Saul Eslake, Chief Economist, ANZ Bank

The eventual severity of this event depends on how far financial market opinion and sentiment swings in the opposite direction to where it’s been for most of the past three years. For much of that time, financial markets have been seriously underpricing risk. For some time now, central banks and regulators have actually been wanting some reversal of this trend. It’s in the nature of financial markets that sentiment and opinion swings from one extreme to another like a pendulum. It’s in the nature of pendulums that when they reach the most extreme point on the arc they move in the other direction, but they don’t stop in the midpoint. They tend to go over to the other extreme. I think there are elements of that happening now. I don’t see any reason — and I acknowledge we are dealing with what Donald Rumsfeld would call unknown unknowns — at the moment why there should be a generalised credit crunch in Australia.

Adam Clements, Senior lecturer, School of Finance, QUT

If I knew with certainty where prices are going to go and how long it would take, I could make a heck of a lot of money out of this. I don’t think anyone knows exactly how long this is going to take to work out of the system. The Australian mortgage position is quite different to the US in that the low doc market here is nowhere near the size of the market in the US. From that point of view our mortgage markets are a lot stronger. I guess what makes it difficult to ascertain how long things are really going to take is that it’s not obvious who had big exposures to these sorts of instruments. I think that has certainly spooked the market. Given the volatility in the market, I guess the market is quite unsure about what impact this is actually going to have on corporates in terms of earnings and sales and revenues. It has all been triggered by problems in the debt market, but the linkage to the equity markets is if this leads to a downturn in the US economy in terms of consumer spending, that could well have an impact globally. It could also have an impact on the Australian economy via Chinese exports to the US if the US economy is harmed by US spending. We could be impacted in the long term but it’s really difficult to know at this stage how much that is going to flow through.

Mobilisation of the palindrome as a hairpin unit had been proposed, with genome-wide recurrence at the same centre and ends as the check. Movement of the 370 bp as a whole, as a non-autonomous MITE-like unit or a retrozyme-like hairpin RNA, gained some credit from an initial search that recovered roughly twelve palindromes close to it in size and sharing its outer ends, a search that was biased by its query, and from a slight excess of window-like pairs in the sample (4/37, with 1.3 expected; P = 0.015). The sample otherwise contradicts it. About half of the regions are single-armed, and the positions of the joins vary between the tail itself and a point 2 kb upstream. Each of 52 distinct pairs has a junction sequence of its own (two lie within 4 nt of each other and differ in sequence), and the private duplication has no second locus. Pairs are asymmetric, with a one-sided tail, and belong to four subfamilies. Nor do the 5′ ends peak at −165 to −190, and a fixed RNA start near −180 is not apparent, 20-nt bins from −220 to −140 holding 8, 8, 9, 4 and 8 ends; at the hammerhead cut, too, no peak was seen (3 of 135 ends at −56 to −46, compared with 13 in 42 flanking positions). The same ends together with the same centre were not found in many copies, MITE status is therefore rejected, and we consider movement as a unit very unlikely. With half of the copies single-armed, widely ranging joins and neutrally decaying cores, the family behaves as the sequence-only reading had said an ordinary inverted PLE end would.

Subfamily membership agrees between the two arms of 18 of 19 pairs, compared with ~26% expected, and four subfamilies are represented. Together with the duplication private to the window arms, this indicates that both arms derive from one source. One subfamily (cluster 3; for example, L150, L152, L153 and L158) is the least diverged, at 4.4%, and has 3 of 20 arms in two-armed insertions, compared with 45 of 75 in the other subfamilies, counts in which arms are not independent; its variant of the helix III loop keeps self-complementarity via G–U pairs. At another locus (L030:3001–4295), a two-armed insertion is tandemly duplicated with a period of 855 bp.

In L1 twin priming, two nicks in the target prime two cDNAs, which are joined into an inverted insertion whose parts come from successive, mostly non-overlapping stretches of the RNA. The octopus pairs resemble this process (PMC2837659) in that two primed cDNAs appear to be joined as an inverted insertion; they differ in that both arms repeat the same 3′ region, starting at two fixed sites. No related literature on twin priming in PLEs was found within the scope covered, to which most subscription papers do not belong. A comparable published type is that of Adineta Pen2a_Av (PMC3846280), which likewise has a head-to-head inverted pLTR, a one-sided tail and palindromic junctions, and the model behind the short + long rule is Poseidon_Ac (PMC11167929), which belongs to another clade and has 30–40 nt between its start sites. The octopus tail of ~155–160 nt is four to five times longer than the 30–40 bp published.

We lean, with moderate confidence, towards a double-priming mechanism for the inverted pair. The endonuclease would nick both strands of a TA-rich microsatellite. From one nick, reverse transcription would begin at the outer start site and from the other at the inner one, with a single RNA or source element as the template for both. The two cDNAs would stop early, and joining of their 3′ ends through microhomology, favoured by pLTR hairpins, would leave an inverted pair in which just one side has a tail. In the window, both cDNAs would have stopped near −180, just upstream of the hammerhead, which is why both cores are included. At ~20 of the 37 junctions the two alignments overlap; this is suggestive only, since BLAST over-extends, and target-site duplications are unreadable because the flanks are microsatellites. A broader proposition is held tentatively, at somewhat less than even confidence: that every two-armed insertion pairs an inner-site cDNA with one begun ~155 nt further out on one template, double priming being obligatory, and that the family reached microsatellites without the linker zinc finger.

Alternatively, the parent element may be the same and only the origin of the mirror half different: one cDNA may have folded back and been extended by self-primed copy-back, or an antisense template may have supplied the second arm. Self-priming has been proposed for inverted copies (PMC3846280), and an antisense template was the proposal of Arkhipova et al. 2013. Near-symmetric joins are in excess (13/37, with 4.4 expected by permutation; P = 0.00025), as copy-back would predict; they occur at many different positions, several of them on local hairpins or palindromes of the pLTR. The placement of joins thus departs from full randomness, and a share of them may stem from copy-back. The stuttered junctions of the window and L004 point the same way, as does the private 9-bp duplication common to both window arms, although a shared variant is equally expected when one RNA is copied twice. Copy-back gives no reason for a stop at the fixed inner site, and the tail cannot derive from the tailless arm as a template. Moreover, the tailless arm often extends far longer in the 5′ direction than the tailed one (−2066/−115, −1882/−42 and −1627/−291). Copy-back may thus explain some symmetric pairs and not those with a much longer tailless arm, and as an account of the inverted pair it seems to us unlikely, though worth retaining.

Dr Gary Twight, School of Finance and Applied Statistics, ANU

Subprime lending really became a hot market and like leveraged buy-outs before it, when things become hot, the last set of loans issued tend to be very marginal. This could simply be another correction. The market has finally realised that [the businesses] they are lending to now probably shouldn’t be lent to and if that is the case this is a correction which will reduce the set of subprime lending out there and the market will, as it’s done before with all these other corrections, continue on. In terms of the talk around about a “crisis”, I don’t see it. I do appreciate that there is a correction in the market, but it’s not like we haven’t seen this before. The thing we don’t know is the extent to which the subprime market lent to those marginal lenders. When you find that and it is corrected the market will get back to its normal natural behaviour. That said, I’m sure this will affect the Australian lending market. The affect will be longstanding. If the Australian market has lent in the same way as their US counterparts have, and I see no reason to believe they haven’t, then we will witness the same correction here. But in terms of the equity market, this is a correction that is just part of the natural cycle. This wouldn’t appear to be any more devastating than the currency crisis of a few years ago, nor more devastating than the long term capital crash.